In December 2020, D.C. Mayor Muriel Bowser signed a blanket ban on noncompete clauses, which had been unanimously approved by the City Council. However, that law never took effect after significant pushback from the business community.
The Non-Compete Clarification Amendment Act (B24-0256) would reverse the blanket ban and instead limit the ban to workers making less than $150,000 per year. The measure is awaiting Mayor Bowser’s signature and, if signed, is scheduled to take effect October 1, 2022.
The Act includes the following provisions of interest:
- Bans noncompetes for employees whose total compensation per year is less than $150,000, or $250,000 for medical specialists. Compensation includes bonuses, commissions, overtime premiums, and vested stock. Beginning January 1, 2024, the thresholds will be increased and adjusted for inflation.
- Prohibits noncompetes for any employees who work for a television, radio, cable, satellite, or other broadcasting station or network regardless of total compensation.
- Permits anti-moonlighting provisions if the employer reasonably believes the outside employment could result in the disclosure or use of the employer’s proprietary information.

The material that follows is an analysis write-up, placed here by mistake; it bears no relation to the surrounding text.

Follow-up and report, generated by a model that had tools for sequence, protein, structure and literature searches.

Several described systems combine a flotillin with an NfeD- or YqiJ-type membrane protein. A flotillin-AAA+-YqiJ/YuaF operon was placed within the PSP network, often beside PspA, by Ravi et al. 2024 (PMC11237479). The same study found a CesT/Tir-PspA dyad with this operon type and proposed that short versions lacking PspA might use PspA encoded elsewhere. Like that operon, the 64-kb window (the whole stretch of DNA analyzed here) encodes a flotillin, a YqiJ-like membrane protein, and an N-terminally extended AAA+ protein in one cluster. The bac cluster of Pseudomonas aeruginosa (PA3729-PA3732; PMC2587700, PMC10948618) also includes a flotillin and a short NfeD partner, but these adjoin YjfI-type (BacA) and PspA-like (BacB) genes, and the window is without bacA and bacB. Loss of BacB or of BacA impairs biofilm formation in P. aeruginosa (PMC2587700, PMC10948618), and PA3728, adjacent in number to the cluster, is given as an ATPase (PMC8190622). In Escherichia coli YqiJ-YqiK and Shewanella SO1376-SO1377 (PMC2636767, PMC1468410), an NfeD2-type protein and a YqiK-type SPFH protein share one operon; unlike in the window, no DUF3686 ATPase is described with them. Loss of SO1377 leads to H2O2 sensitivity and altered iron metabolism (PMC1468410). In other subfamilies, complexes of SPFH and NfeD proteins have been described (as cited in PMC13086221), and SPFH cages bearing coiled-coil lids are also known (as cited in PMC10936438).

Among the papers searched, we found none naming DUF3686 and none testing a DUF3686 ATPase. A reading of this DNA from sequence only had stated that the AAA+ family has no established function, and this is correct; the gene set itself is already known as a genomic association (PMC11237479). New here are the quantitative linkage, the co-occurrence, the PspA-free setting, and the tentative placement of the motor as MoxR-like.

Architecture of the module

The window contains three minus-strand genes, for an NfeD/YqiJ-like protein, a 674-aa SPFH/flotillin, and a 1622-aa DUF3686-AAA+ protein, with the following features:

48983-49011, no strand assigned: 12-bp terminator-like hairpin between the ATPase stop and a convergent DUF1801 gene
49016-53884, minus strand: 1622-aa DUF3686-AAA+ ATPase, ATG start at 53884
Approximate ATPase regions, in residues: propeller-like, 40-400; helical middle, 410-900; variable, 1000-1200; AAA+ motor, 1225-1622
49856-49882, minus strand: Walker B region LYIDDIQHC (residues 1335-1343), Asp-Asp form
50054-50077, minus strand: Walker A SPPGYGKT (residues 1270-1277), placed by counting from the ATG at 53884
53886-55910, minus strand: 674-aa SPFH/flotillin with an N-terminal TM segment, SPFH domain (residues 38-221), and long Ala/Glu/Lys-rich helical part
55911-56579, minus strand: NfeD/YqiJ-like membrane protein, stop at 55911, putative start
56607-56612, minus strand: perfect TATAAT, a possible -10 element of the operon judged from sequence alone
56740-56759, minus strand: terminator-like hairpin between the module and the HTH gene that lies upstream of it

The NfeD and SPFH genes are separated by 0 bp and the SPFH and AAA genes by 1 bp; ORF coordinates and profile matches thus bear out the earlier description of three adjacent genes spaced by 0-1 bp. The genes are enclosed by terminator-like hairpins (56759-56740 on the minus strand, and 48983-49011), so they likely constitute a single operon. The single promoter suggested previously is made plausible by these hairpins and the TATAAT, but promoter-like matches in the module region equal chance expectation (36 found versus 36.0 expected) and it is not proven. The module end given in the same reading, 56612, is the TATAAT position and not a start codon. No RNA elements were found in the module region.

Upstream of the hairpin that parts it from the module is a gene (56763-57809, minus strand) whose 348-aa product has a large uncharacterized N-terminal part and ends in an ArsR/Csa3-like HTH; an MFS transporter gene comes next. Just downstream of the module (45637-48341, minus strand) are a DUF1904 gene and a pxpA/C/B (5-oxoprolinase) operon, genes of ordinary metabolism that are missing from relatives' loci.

- Clarifies employers can still bar their employees from using or disclosing confidential and proprietary information during or after employment.
- Requires employers to provide the noncompete in writing to eligible employees at least 14 days before employment or execution of the agreement.
- Clarifies that the ban only covers employees and prospective employees if they spend or are reasonably anticipated to spend more than 50% of their work time working in D.C. for the employer.
An employer who fails to comply with the law could face a penalty of between $350 to $1,000 for each violation. The offices of mayor and the attorney general will enforce the ban.
Outlook: Mayor Bowser is expected to sign the amendment into law. D.C. joins at least 11 states which have passed laws banning noncompetes for workers making below an income threshold or for hourly workers. Looking ahead, employers should anticipate additional states to take similar action to limit and/or ban noncompete clauses.